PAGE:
U.S and Russia reaching an agreement on Syrian chemical weapons is welcome news. Like most Americans, I also believe that the international community needs to do something to protect more civilians from getting hurt but, as we have seen from the recent past, a military action in Syria cannot guarantee a stop to the loss of innocent life.
Whether we talk about the Syrian conflict, the unrest in Egypt or 9/11, the concern for innocent loss of life is the essence of the human psyche. The news of a new bride pushing husband off the cliff, shootings at malls, schools and places of worship, suicides as a result of cyber bullying and hate crimes based on race, religion and color all make one wonder- have we lost the kernel of compassion that defines us as human?
No, all is not lost.
Although faith may seem to divide us in many ways the common values that promote the sanctity of life, love, tolerance and compassion unite us as one. Even though the tragedy of 9/11 attacks gave rise to Islamophobia in this country, it also brought a three times jump in interfaith community service activities in the decade following 9/11.
Many faith leaders have rightfully realized that using the commonalities between different traditions as bridges of understanding could move us toward attaining a common goal- peace.
I am blessed to be a member of the Ahmadiyya Muslim Community that bears the motto “Love for All, Hatred for None”. The Community’s Khalifa, (Worldwide spiritual leader) His Holiness, Mirza Masroor Ahmad has not only been insisting world leaders to settle conflicts in peaceful ways but also urging Muslim countries to come back from their deviant ways to the real essence of Islam.
Sikh temple shooting, man pushed off to death at the New York subway station, “No Muslim Parking” signs, anti-Muslim ad campaigns on buses and train stations, resistance to building of mosques, reports of vandalism and burning of mosques have not stopped my community from its efforts to spread the true teachings of Islam.
We have made efforts to reach out to our neighbors through campaigns such as, “Muslims for Life,” “Muslims for Peace,” and “Muslims for Loyalty” to highlight the fact that Islam values life, denounces terrorism, and teaches its followers to be loyal to their country of residence.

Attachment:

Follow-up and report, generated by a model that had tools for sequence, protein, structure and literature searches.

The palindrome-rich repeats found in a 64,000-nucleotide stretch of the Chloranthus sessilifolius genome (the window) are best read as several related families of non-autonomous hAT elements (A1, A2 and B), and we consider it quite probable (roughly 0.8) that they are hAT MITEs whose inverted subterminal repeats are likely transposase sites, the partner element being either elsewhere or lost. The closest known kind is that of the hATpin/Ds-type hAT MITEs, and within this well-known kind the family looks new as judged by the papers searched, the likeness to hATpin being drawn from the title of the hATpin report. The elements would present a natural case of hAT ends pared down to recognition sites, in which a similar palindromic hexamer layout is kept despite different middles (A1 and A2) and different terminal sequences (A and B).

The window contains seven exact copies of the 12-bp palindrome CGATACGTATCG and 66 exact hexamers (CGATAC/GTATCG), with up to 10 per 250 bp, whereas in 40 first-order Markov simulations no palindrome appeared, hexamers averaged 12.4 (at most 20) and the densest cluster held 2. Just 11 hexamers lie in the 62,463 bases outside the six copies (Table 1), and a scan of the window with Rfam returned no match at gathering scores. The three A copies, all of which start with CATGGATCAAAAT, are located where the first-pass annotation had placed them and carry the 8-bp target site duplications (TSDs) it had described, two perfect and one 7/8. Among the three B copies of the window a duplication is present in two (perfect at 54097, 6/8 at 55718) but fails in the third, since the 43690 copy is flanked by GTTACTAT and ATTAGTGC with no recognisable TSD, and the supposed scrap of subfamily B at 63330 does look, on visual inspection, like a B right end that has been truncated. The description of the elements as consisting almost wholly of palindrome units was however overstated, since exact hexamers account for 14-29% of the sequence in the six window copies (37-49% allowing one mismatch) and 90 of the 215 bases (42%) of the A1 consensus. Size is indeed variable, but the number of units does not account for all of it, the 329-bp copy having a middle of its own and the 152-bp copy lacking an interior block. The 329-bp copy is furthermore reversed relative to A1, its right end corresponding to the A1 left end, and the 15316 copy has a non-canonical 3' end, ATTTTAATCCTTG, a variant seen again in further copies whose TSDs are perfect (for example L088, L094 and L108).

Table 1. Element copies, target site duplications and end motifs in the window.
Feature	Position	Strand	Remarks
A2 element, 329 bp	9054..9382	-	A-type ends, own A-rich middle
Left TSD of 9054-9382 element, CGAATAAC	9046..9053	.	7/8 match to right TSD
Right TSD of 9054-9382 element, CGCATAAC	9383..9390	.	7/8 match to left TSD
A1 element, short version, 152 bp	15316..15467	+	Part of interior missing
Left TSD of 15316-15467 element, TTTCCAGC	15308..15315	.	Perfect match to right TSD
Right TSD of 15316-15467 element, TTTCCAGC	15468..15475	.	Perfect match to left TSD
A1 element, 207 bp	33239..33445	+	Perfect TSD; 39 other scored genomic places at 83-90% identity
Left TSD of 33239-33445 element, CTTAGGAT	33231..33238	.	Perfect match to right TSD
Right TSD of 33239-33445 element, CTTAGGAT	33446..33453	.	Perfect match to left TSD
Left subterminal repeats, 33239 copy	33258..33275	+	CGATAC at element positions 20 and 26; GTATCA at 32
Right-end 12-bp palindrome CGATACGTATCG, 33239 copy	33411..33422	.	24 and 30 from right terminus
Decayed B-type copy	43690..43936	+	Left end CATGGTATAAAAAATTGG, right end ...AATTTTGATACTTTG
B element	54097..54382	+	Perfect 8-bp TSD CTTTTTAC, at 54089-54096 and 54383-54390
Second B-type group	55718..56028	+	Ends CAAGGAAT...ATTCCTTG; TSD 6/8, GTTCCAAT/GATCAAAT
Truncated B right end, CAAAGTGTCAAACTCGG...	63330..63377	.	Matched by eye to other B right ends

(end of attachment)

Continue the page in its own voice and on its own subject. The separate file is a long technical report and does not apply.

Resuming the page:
The Quran states, ‘…And help one another in righteousness and piety…’(5:3).
Therefore, in keeping with the Quranic injunction we also took part in the first Compassion Games Atlanta sponsored by Faith Alliance of Metro Atlanta and Neshama Interfaith Center. This program was initiated by the Compassionate Action Network International, a worldwide network founded on the Charter of Compassion that “transcends religious, ideological and national differences.”
Back in March, when Pastor Rhea Posey of Joseph’s Network and Carissa Hattich from the American Red Cross reached out to the Georgia Chapter of the Ahmadiyya Muslim Community to join their efforts to organize “First 72, Disaster Relief Preparedness Summit for Gwinnett County Faith Leaders,” it was a no brainer. Pastor Rhea’s Joseph's Network is a shining star for giving local faith leaders a platform where they have been working together for months to organize this event.
The target of this summit is to train and educate local faith groups with the help of American Red Cross and local disaster relief government agencies so that if and when a disaster strikes, they may be in a better position to help not only members of their own congregations but also those belonging to other faith communities who may be less resourceful, informed or equipped than them.
The initiative is bound to succeed due to the very energy of goodwill and cooperation it brings within the community. Please visit www.josephsnetwork.com for more information.